- Flexibility and Scalability – Cloud bursting enables companies to quickly adjust to changes in capacity needs and leverage the scalability of public cloud services thus freeing up their private cloud resources.
- Business Continuity – apps can be seamlessly burst over into the public cloud without interrupting the users.
The Challenges of Cloud bursting
Compatibility – one of the main hurdles of cloud bursting is making sure that your apps are compatible with the public cloud architecture so it is capable of scaling seamlessly across the new environment. This allows for the load to be balanced and permissions managed the right way.
Networking – some businesses have trouble creating redundant connections between public and private clouds as these connections must feature low latency and high bandwidth.
Vendor Lock-in – the risk of vendor lock-in may be an issue for some companies as certain public cloud providers provide cloud bursting services as part of the package.
Security and Data Protection – security layers and backups may be challenging when they come from multiple sources.
How to Implement Cloud Bursting
Typically, there are three ways to implement cloud bursting:
- Distributed Load-Balancing
- Manual Bursting
- Automated Bursting
This approach provisions cloud resources (storage, compute instances, monitoring) and then deploys data center workloads to the cloud services that have been provisioned. When load monitoring is applied to local workloads, it provides the data needed for traffic redirecting. The company needs to set load thresholds and distribute accordingly.
When traffic exceeds the set threshold, the same workload environment is activated in the public cloud and the traffic is moved from the workload to the cloud. Similarly, when traffic decreases below the set threshold, it gets redirected to the local data center, while the public cloud resources for that particular load get decommissioned.
As this method deploys workloads both locally and in the cloud, the traffic is shared with the cloud when needed. This means that a standby limited-capacity cloud-based deployment needs to be set up and scaled up according to traffic requirements, potentially leading to overheads during periods when the cloud workload is inactive.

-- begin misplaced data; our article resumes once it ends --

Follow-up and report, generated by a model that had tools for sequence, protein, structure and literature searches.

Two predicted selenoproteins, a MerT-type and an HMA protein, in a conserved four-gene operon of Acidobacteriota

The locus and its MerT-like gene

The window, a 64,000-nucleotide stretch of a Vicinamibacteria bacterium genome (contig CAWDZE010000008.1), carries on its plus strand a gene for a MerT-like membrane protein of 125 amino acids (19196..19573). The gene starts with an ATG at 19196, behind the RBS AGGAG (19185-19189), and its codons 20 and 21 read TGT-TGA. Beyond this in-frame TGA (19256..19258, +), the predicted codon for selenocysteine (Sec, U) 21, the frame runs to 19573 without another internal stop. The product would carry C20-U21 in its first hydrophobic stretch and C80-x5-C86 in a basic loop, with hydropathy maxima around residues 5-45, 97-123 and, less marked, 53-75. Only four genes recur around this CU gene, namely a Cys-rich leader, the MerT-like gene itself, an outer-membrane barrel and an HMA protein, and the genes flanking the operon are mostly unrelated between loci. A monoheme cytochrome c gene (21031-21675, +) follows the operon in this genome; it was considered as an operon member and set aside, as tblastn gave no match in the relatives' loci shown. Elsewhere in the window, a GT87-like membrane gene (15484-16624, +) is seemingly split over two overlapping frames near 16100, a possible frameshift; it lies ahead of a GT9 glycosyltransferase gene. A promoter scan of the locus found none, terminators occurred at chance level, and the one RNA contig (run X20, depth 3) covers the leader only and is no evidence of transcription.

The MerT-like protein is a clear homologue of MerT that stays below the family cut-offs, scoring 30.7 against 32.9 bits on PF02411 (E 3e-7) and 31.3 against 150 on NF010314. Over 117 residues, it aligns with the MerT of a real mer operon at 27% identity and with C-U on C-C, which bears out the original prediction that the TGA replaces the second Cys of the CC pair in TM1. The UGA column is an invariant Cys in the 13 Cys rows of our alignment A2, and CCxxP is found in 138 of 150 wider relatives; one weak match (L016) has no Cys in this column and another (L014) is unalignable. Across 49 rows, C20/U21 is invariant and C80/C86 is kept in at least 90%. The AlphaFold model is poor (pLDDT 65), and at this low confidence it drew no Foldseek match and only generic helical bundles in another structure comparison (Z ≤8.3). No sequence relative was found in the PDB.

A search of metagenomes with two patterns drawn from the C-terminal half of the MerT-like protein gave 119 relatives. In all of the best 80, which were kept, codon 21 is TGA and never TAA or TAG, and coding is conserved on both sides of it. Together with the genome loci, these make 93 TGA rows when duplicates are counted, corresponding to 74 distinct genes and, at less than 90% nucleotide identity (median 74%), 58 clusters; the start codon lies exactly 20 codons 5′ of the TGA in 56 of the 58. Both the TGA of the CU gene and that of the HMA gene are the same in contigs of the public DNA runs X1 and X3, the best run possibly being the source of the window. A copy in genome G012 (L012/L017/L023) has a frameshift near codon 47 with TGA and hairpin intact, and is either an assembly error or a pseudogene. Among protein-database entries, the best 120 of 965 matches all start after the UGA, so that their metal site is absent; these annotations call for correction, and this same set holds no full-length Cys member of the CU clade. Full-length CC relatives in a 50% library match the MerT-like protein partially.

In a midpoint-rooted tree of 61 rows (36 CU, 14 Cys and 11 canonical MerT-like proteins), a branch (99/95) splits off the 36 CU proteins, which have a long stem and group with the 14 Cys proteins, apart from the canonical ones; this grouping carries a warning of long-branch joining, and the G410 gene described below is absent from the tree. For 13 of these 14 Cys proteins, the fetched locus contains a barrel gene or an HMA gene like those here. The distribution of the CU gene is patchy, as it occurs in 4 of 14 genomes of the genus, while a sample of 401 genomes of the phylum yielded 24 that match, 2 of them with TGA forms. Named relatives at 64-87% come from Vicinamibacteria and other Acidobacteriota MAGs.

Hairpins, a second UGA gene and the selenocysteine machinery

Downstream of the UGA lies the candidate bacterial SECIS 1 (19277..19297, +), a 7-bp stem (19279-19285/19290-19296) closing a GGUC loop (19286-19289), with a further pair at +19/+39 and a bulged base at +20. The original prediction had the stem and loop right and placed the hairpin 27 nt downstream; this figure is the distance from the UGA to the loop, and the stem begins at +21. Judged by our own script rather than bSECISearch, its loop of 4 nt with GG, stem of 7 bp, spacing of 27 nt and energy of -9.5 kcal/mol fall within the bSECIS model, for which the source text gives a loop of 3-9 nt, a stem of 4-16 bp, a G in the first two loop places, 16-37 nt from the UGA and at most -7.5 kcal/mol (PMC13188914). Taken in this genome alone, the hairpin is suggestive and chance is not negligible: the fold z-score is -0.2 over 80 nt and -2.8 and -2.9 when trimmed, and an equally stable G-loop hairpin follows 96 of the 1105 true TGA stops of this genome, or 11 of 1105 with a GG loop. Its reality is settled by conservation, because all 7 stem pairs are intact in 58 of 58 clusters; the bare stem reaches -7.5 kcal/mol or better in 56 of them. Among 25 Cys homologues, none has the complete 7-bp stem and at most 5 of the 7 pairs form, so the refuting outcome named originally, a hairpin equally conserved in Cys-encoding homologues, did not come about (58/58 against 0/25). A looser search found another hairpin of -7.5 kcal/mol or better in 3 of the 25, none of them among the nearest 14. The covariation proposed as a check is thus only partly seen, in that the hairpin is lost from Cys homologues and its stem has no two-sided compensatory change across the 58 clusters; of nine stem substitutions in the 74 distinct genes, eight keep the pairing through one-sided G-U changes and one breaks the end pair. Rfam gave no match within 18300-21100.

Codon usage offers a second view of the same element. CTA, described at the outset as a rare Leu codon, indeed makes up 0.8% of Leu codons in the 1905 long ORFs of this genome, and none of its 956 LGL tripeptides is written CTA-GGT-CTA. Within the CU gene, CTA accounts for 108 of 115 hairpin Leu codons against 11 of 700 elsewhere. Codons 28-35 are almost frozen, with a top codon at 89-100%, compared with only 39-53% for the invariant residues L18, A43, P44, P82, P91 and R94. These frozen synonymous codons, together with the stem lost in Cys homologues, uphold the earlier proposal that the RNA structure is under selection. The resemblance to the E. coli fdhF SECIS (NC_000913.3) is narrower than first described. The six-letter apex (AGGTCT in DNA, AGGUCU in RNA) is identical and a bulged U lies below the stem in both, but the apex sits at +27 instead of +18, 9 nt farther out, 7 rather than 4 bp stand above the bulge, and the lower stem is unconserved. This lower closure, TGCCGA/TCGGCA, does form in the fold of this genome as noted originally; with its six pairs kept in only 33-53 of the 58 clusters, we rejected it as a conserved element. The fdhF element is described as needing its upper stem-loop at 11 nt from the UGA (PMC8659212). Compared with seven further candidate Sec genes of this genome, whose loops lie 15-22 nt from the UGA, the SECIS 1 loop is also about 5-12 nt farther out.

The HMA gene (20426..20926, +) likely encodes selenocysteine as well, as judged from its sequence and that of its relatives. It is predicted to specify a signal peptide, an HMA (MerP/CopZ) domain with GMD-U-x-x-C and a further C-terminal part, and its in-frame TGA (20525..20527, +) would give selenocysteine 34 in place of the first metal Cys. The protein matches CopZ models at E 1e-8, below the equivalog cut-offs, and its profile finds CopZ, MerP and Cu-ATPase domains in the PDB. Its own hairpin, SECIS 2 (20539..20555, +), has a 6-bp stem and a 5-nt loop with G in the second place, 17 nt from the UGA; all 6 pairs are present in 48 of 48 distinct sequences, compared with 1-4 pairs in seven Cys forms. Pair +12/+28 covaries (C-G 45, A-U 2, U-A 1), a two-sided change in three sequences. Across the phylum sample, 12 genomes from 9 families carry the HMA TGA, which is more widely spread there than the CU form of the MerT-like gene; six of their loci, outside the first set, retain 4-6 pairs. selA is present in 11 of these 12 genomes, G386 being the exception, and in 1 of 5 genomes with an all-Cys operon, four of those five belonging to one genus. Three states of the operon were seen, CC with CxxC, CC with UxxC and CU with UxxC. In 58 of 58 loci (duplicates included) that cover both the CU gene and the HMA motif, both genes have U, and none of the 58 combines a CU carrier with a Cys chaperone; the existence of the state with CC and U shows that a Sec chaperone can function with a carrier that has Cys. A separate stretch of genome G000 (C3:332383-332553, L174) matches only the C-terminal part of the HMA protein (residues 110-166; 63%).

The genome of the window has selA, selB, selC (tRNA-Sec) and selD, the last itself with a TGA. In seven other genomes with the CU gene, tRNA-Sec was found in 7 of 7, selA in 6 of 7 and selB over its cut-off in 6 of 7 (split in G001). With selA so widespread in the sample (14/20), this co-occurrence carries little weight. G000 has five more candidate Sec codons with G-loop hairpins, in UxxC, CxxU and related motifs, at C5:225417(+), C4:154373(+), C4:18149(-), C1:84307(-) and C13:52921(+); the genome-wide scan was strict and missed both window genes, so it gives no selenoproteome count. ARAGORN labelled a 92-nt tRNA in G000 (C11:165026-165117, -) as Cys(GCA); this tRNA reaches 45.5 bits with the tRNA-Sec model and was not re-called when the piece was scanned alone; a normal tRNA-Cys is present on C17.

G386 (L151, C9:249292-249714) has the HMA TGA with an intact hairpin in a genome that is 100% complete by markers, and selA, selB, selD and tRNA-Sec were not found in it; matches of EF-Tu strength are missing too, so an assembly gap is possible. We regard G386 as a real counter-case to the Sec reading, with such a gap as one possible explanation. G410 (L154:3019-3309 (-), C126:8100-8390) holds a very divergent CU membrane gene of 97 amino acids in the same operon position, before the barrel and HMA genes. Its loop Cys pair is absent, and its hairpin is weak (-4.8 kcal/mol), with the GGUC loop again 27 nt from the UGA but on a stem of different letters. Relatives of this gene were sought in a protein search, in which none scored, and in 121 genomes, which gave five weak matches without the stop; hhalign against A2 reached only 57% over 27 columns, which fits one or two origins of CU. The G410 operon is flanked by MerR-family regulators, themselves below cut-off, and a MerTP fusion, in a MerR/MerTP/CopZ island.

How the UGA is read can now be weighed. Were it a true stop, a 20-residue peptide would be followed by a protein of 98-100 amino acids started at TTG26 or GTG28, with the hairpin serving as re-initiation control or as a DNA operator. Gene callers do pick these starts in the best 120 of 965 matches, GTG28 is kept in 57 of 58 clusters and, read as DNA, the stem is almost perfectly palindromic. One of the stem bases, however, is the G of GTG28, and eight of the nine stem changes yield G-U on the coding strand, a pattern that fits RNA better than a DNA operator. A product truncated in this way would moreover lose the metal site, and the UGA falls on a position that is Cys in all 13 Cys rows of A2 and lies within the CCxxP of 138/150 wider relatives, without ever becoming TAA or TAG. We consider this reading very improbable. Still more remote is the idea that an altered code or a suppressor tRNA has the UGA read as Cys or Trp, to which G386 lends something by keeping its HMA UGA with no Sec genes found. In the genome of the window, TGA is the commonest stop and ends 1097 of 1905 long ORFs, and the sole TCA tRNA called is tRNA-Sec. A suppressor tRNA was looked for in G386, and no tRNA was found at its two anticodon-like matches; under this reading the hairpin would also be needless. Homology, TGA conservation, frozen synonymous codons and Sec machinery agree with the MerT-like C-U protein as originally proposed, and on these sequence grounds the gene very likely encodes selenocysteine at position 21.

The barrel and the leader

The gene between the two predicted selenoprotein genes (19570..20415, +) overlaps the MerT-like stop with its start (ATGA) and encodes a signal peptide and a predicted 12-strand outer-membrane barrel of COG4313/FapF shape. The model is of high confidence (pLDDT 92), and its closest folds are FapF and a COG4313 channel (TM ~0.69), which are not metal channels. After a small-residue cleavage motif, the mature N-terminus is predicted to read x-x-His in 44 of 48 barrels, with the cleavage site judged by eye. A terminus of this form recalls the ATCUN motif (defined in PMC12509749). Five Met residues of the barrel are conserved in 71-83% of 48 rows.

This method lets you manually provision/de-provision public cloud resources and is typically used to create large, temporary cloud deployments that get destroyed when they are no longer needed in order to minimize costs. This technique is beneficial for testing and proof-of-concept cloud bursting projects, but it does involve an increased risk of human error. The downside involves potential notifications delays and deployment oversights.
This approach includes setting up policies that determine the way cloud bursting is managed and then letting the software conduct the task. Automated bursting platforms are capable of automatically scaling and removing cloud resources according to traffic needs and typically use APIs to facilitate dynamic interactions with cloud infrastructure and resources. Automated bursting minimizes the risk of human error.
Banks are perhaps the best example of cloud bursting used the right way. Banks process high-volume data sets that require short, frequent and powerful computing bursts (to meet compliance reporting requirements). Now, it is not efficient to invest in on-premise systems to only intermittently process large data sets because the servers remain idle most of the time. Similarly, it is not cost-efficient to run public cloud stacks non-stop as that would significantly bump up operating expenses.
This is why cloud bursting is a perfect solution as it optimizes storage capacity and infrastructure costs, while it also provides data scientists with numerous handy insights.
Here’s a use case example of an effective cloud bursting method deployed by a certain bank:
- A data integration platform is used to automatically move and load data to AWS storage.
- The data is processed in batches.
- A script is deployed to use a web server that converts data from one structure to another using Amazon Elastic Map Reduce (EMR) in Hadoop or the Amazon Redshift data warehouse.
- When the data is loaded and ready in the temporary cloud, it is used by data analysts to come up with and test different risk and interest rate return rates scenarios.
Is Cloud Bursting for me?
The use of cloud bursting provides numerous benefits like cost reduction, operation efficiency boost, improved performance and increased overall productivity. However, not all companies can reap and leverage all these advantages.
That said, here’s what cloud bursting is ideal for:
- Apps that are mainly used for reading storage data (like content delivery systems).
- Database apps that optimize performance by performing sharding – a method of splitting and storing a single logical dataset in multiple databases.
- Apps for big data analyses (as these quickly process large data volumes).
- Artificial Intelligence and Machine Learning models that use large-scale infrastructures for model training.
- Data streams that fluctuate on a daily basis (but some pre-processing is required to mitigate numerous data migrations).
And here’s for what cloud bursting is not an optimal solution:
- Apps that use low-latency write operations.
- Science-based apps that use simulations with high node-to-node traffic that cannot be sustained by cloud bursting methods.